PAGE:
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Trigger a disposable Flash

Discussion in 'Electronic Design' started by Terry, Sep 4, 2003.

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  1. Terry

    Terry Guest

    I am looking for a very simple circuit for shorting the trigger wires from a
    disposable flash from my parallel port. I do this all the time with diodes,
    etc for my DC circuits - but with this I need to isolate the 300 - 400v of
    AC that is on the trigger wires. (I have the flash trigger itself all built,
    I just have to short the trigger wires - and poof!)

    Is there a simple optoisolator circuit out there or will I also have to add
    a SCR or Triac?

    Thanks!
     
  2. Norm Dresner

    Norm Dresner Guest

    I don't know what your current requirements are, but there are plenty of
    optoisolators with triacs (and IIRC SCRs) available to choose from

    Norm
     
  3. Terry

    Terry Guest

    I am guessing the current is very small, but I am not sure at this point. I
    am just experimenting at this point. I am not very familiar with Triacs so
    a little help would be appreciated.

    I was looking at using a MOC3052 - one end to the PC and the other directly
    to the trigger. Does this sound reasonable for this application? I think
    the triac can sink 1A, I know it would not exceeded that.
     
  4. The typical disposable flash trigger circuit contains a 22nF capacitor
    charged to 330V and it gets discharged through a low impedance pulse
    transformer primary through a mechanical switch. Although it is true that
    average trigger current is way less than 1A no matter how fast you trigger
    the xenon strobe, the peak pulse current exceeds 100A, possibly even 200A.
    As such, you may wish to use an SCR or TRIAC which is rated for this type of
    operation, such as the MCR22-6 [
    http://www.onsemi.com/pub/Collateral/MCR22-6-D.PDF ] (assuming you can find
    a supplier). Although I've never used a MOC3052, I would hazard a guess
    that it would be only useful for triggering a larger SCR or TRIAC and would
    explode on the very first trigger if used by itself.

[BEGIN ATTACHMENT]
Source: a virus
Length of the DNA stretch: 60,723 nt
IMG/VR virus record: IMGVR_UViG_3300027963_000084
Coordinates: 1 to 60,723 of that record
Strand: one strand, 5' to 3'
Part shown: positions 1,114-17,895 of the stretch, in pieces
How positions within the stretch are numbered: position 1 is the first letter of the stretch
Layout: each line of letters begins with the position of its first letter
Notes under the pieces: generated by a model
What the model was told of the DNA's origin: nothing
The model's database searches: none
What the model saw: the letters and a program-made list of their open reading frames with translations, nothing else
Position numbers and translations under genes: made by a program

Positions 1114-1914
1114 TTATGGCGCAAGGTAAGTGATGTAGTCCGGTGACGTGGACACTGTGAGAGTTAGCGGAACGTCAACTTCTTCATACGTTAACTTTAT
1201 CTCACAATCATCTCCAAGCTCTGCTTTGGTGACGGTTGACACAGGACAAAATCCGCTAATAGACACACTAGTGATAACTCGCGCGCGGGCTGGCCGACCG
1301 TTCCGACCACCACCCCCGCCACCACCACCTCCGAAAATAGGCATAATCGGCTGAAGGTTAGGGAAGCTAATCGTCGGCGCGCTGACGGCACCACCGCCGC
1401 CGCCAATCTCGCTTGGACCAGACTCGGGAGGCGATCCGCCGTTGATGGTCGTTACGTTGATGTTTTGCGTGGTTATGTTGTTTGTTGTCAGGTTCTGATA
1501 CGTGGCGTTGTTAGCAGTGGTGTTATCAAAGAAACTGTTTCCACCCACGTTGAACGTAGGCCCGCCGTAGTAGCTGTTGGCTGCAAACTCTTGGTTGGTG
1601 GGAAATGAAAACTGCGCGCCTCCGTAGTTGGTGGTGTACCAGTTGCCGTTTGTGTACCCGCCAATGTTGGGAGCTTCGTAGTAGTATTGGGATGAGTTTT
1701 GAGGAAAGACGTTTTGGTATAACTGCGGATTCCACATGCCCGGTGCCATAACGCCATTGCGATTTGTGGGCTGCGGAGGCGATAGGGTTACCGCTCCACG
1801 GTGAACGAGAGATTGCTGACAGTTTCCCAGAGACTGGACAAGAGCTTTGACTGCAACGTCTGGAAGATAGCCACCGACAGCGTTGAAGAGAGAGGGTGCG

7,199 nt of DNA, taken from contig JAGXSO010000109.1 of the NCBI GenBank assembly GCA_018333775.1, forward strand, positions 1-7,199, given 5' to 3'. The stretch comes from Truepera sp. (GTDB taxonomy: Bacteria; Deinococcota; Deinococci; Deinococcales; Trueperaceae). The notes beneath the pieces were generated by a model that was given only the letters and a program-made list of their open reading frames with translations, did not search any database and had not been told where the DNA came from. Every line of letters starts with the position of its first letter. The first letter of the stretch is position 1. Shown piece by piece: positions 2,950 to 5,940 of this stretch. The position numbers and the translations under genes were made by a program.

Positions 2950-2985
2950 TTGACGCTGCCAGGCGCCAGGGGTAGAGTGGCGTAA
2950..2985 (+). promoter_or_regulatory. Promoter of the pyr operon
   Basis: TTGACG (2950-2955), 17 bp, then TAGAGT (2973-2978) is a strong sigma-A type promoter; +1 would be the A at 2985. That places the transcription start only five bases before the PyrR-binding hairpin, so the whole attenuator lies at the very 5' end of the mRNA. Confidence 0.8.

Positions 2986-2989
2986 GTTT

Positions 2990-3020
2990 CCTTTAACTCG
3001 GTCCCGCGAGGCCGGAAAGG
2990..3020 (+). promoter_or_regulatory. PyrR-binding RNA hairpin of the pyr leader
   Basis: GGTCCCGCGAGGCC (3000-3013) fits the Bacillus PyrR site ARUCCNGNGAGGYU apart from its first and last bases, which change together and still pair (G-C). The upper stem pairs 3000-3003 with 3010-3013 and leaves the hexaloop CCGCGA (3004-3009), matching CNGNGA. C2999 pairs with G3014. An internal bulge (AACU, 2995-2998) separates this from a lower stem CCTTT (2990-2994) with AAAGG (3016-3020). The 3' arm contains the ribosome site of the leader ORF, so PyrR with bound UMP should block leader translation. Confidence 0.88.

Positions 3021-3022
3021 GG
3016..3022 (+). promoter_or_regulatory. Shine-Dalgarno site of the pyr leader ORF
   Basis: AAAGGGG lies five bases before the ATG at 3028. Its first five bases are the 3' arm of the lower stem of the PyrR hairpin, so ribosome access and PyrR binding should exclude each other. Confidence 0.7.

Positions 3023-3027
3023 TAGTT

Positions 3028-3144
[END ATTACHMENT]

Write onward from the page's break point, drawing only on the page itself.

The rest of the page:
Howard Henry Schlunder

    in message
    news:iWG5b.3207$...
     
  5. I would use a reed relay, maybe a 6V or 5V one. If you're worried
    about the high current needed for the coil, well, reed relays don't
    take that much current, only a few dozen mA, or less. But you can put
    a couple hundred uF cap in series with the coil, with a few k bleeder
    resistor across the cap. When you charge the cap thru the coil, it
    will pull the contacts in momentarily, long enough to trigger the
    flash. Then the coil current will go down to only a mA or so.


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  6. GrahamH

    GrahamH Guest

    Have a look at AQV251 photomos, stock code 171-8623 at www.rswww.com. Micro
    current opto switch. Just add one series resitor to limit LED current. I
    have also used these to switch from the handshake lines of a PC serial port.

    Graham
     
  7. I suggested using a reed relay to trigger it. I didn't think that the
    peak curent would be that high, but it makes sense, it's a CD, a
    capacitive discharge system. I guess a reed relay wouldn't explode,
    but after the contacts fused, the experimenter would get the hint and
    use something a bit heavier. :p

    One thing I didn't notice on the contacts on the displosible flash I
    have is any pitting or arcing of the pushbutton contacts. But then
    they're a lot heavier than a reed relay.
    --
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    ###Got a Question about ELECTRONICS? Check HERE First:###
    http://users.pandora.be/educypedia/electronics/databank.htm
    My email address is whitelisted. *All* email sent to it
    goes directly to the trash unless you add NOSPAM in the
    Subject: line with other stuff. alondra101 <at> hotmail.com
    Don't be ripped off by the big book dealers. Go to the URL
    that will give you a choice and save you money(up to half).
    http://www.everybookstore.com You'll be glad you did!
    Just when you thought you had all this figured out, the gov't
    changed it: http://physics.nist.gov/cuu/Units/binary.html
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